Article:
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Shanty-boys, river-hogs and cookees
February 23, 2005

            Tall tales, and fairy tales, legends and myths—Michigan is a storytellers’ land.  No wonder, not only did Native Americans share their stories with the newcomers from the old world, but these folks brought their own along.  It’s not surprising that in those dark Michigan woods you can hear stories of flying Dutchmen, Russian witches, Irish leprechauns, and even a Scandinavian troll or two.  It’s enough to keep you up all night!

            But the favorite Michigan tale, the favorite North Woods tale, will always be Paul Bunyon and Babe.  The stories abound with Paul as the hero.  My favorite, though, is an early one wherein Paul gets rather confused.

            In early, early spring, just as the river began to thaw,  Paul got on a raft heavily loaded with fresh-cut logs he’d hewn.  He was headed for the mill.  Down the river he went!  Down the river he went.  Seemed like he should have gotten to the mill long before.  Then suddenly, Paul noticed he was seeing the same scenery over and over!  He’d picked out a river that went in a circle!  Poor Paul!  I’ve had days like that.

            As much fun as the Paul and Babe lumberjack stories are, the true lumbering stories of Michigan are just as amazing.

            In the 1800s as Americans pushed westward, folks needed lumber, particularly the white pine of Michigan, to build their homes and businesses.  In 1869, Michigan produced more lumber than any other state.   Doing it wasn’t easy.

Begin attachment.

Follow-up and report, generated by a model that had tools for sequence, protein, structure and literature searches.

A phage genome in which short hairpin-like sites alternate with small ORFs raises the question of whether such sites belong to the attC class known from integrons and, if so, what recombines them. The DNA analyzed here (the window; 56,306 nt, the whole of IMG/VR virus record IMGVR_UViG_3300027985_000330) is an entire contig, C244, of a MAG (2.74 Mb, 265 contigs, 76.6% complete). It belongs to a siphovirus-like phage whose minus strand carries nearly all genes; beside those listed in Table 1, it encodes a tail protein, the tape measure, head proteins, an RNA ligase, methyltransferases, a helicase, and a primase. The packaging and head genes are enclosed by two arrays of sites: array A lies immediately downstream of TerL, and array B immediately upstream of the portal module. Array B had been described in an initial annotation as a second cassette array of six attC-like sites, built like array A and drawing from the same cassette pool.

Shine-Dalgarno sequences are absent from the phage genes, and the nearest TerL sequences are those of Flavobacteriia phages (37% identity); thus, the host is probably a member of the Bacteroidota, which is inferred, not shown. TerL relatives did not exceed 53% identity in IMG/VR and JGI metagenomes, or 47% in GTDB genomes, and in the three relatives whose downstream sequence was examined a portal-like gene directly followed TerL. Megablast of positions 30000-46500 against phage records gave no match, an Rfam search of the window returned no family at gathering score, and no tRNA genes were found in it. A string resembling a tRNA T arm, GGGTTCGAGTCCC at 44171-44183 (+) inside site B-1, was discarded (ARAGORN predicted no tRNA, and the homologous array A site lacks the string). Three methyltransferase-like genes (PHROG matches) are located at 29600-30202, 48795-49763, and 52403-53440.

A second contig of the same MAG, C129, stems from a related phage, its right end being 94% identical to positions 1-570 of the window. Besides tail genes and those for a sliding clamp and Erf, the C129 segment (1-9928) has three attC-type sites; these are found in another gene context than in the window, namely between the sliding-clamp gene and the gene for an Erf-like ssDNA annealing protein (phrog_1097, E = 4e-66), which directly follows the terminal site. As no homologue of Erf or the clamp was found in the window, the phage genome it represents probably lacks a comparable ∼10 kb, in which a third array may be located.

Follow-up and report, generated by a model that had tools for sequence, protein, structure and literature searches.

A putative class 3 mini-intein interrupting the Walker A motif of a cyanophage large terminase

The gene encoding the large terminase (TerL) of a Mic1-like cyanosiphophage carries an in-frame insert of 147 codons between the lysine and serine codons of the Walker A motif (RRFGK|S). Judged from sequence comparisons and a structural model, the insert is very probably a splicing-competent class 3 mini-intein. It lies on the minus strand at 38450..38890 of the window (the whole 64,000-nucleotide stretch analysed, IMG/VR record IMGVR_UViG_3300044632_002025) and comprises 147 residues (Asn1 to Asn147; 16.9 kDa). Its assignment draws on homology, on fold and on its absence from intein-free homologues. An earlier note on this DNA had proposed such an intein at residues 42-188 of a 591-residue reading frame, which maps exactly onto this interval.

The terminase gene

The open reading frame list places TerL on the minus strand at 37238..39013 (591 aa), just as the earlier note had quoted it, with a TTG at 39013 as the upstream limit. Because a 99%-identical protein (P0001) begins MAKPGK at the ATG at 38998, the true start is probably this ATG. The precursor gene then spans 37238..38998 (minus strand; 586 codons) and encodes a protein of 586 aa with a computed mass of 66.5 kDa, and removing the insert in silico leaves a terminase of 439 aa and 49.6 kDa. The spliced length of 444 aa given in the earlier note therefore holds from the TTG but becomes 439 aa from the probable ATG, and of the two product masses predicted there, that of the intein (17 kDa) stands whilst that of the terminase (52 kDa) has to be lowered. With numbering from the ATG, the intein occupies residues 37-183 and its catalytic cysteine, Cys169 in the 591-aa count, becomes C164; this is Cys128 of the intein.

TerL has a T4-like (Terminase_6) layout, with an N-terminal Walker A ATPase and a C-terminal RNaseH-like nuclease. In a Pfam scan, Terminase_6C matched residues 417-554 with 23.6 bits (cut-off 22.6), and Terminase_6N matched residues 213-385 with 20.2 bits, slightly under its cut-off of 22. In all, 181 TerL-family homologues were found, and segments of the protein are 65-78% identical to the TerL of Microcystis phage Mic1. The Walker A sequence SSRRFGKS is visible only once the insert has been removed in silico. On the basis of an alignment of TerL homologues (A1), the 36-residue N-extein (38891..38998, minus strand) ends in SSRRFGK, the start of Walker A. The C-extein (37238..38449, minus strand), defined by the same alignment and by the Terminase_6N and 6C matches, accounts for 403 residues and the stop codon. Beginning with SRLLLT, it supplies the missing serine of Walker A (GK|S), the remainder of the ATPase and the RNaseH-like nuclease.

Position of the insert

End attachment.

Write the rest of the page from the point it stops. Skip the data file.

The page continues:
Most lumbering took place in the dead of winter so that the cut logs could be hauled by sled over the deep snow to the rivers.  After the spring thaw, those logs headed downstream for the lumber mills—unless it was Paul’s circular river.

            This meant that the workers headed into to the cold, snowy woods at the end of autumn, and there they stayed working long lonely days in the lumber camps.  While we may call Paul Bunyon a lumberjack, in the Michigan woods, he would have been known as a shanty boy—that’s lumberjack in Michiganese.  It’s for the shanties where the men stayed on the long winter nights.  But just because the sun came up late, didn’t mean the shanty boys got to sleep in.  Not at all.  They were up around 4 a.m. getting ready to start the long, long day chopping down, trimming and hauling those huge trees. 

            Is it any wonder the biggest meal of the day was breakfast?  These fellows, after wrapping up good, waited to hear the welcome sound of the gabriel—the long tin horn that the cookee (Michiganese for cook) used to call them to the cook shanty for a more-than-ample breakfast of fried potatoes, sowbelly, lots and lots of beans and naturally flapjacks, served up with molasses or gravy.   Breakfast was mighty good, but also mighty silent.  The rule in the lumber camp was “No talking at meals.”  It held fighting down to a minimum!

            After breakfast, Cookee packed up the leftovers and handed each shanty-boy his flaggins—lunch to be eaten it the woods.

            Many of these lumbering men were from Scandinavia, and on special occasions (or when he got hold of some milk and butter) Cookee might have prepared this special Finnish treat called kropsua or pannaukakku. Or, baked pancake!

Cookee’s baked pancake

5 eggs

1/4 cup sugar